Why see it at the cinema: To not only admire the quirky details of the wonderfully stylised animated characters in all of their glory, but to be able to check if your neighbour is shedding the same tear as you are by the end. A film to be experienced, discussed and embraced.
The Score: 10/10
The Review: When I was growing up, I had a very fixed perception of animation; understandable, since my niece is currently going through the same diet of wall-to-wall Disney films, there’s just a lot more of them about these days. Thankfully, TV came along with The Simpsons and South Park and showed that animation can take many forms and can have many purposes, but it’s still a rarer occurrence than would be preferable to see something different gain an audience in the field of animated movies. (In the ten years of the animated movie Oscar, for example, there hasn’t been a single truly adult animation nominated, although Waltz With Bashir rightly got into Best Foreign Language.) But Chico & Rita is that rare beast that can deliver a grown-up animation, and feel fresh into the bargain.
The setting for the movie is twofold; a framing device of an old man listening to the music of his youth, which turns out to be literally his music. He’s Chico, a talented young pianist in Havana in the late Forties with an ear for jazz. His eye for the ladies falls on Rita, a singer whose voice enchants him as much as her appearance. They begin to make music together, but so begins a tempestuous love story that takes them from Havana to America, taking in the jazz scene at a pivotal moment in its history, but also reflecting critical developments in the evolution of their homeland.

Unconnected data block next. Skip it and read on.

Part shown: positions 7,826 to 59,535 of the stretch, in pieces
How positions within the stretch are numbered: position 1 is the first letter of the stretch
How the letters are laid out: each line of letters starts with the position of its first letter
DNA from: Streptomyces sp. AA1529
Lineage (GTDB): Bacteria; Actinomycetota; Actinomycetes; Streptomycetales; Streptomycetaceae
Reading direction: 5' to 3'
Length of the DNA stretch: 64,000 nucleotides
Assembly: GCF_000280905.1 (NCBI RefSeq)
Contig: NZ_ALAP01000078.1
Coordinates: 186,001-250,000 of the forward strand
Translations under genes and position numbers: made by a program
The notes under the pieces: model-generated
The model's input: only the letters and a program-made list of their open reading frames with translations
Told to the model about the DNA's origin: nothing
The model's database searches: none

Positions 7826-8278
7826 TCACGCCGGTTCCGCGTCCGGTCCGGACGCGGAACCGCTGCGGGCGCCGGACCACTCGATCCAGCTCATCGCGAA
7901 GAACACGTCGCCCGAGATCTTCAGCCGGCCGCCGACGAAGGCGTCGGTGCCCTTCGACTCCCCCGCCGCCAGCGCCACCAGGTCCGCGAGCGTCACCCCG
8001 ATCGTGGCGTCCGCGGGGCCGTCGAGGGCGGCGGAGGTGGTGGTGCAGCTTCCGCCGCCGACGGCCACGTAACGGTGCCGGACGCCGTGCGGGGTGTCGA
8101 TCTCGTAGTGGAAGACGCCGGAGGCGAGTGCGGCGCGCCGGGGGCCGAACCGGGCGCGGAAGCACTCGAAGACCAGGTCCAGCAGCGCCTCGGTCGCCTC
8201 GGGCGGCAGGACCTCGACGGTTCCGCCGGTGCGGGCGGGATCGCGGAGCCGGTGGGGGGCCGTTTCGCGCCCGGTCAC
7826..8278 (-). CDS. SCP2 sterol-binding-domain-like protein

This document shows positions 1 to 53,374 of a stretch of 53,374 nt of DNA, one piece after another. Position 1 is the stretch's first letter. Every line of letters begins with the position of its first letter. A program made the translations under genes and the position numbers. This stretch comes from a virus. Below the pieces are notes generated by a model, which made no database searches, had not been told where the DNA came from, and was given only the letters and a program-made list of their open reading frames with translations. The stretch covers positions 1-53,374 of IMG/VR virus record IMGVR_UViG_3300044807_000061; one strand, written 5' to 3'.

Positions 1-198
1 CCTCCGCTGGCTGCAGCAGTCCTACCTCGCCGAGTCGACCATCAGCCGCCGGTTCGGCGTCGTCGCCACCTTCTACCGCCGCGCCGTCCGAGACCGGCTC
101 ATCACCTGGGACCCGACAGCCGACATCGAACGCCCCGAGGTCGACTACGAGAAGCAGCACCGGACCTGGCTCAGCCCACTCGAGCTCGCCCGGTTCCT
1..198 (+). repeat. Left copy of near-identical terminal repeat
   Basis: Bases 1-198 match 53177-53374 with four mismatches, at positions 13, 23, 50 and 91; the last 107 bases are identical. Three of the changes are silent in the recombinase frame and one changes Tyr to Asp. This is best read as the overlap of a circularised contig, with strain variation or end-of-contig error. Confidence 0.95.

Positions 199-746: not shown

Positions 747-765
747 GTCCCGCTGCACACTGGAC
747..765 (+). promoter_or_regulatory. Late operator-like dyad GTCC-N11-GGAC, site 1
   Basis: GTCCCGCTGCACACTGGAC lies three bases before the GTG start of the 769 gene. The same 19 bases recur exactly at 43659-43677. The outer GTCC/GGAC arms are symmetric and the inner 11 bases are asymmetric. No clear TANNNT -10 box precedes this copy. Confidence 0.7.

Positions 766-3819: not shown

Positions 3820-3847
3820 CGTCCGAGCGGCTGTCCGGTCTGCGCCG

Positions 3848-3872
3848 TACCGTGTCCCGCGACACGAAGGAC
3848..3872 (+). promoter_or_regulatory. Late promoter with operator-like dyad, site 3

The movie has a distinctive visual style, using rotoscoping to capture the actors from live action, with the supplementation of computer animation. This gives the movie a more idealised and romanticised feel which perfectly complements the storytelling, but also allows the performances to come through and gives a sense of realism in the emotions. (There’s also something about brief full frontal nudity from animated characters that oddly made me more prudish than live action would have done, but I’m pretty sure that’s just me.)
The story navigates seamlessly between the cities and the timeframes, but the star, other than the scenery and the process, is the music itself. Jazz has a history and a passion that’s made it probably the most influential musical development of the twentieth century (sorry, rock’n’roll, nothing personal, just the way I feel), and this is a love letter to the music wrapped up in a love story that spans decades. If your only knowledge of Tito Fuente is from that famous Simpsons episode, then you need to treat yourself to this pair and their compelling story, for if you do, a genuine and unexpected pleasure awaits you.
Why see it at the cinema: The visuals are lush and overtly cinematic as the journey takes you across countries. But being in a cinema with a good sound system will also give you the chance to fully envelop yourself in the gorgeous soundtrack.
The Score: 8/10
The Review: Think back. Cast your mind as far back as you can – can you actually remember the last good Andy Garcia film you saw? If you ignore the Ocean’s movies, where he got very little of any interest to do other than some slight mugging in the third one, you might find yourself back in the Nineties, with movies like Things To Do In Denver When You’re Dead or Internal Affairs. While he’s always been available to add presence to a movie, it’s often when he gets to show a slightly lighter side as well (think of The Untouchables for an example) that we truly see the best of him.
So it’s a genuine pleasure to see him in something that, while not an out and out comedy, does have enough moments to give him the chance to show a bit of range for a change. Comedy drama might also be an unfair description; probably the closest structure here is that of a classic farce, as the movie serves to layer on implausibilities before they all stack up, ready for the conclusion. As with any good farce, City Island revels in its absurdities; sometimes scenes have the exact outcome you’d expect, simply because you know where the structure needs to take things, although there is the odd surprise.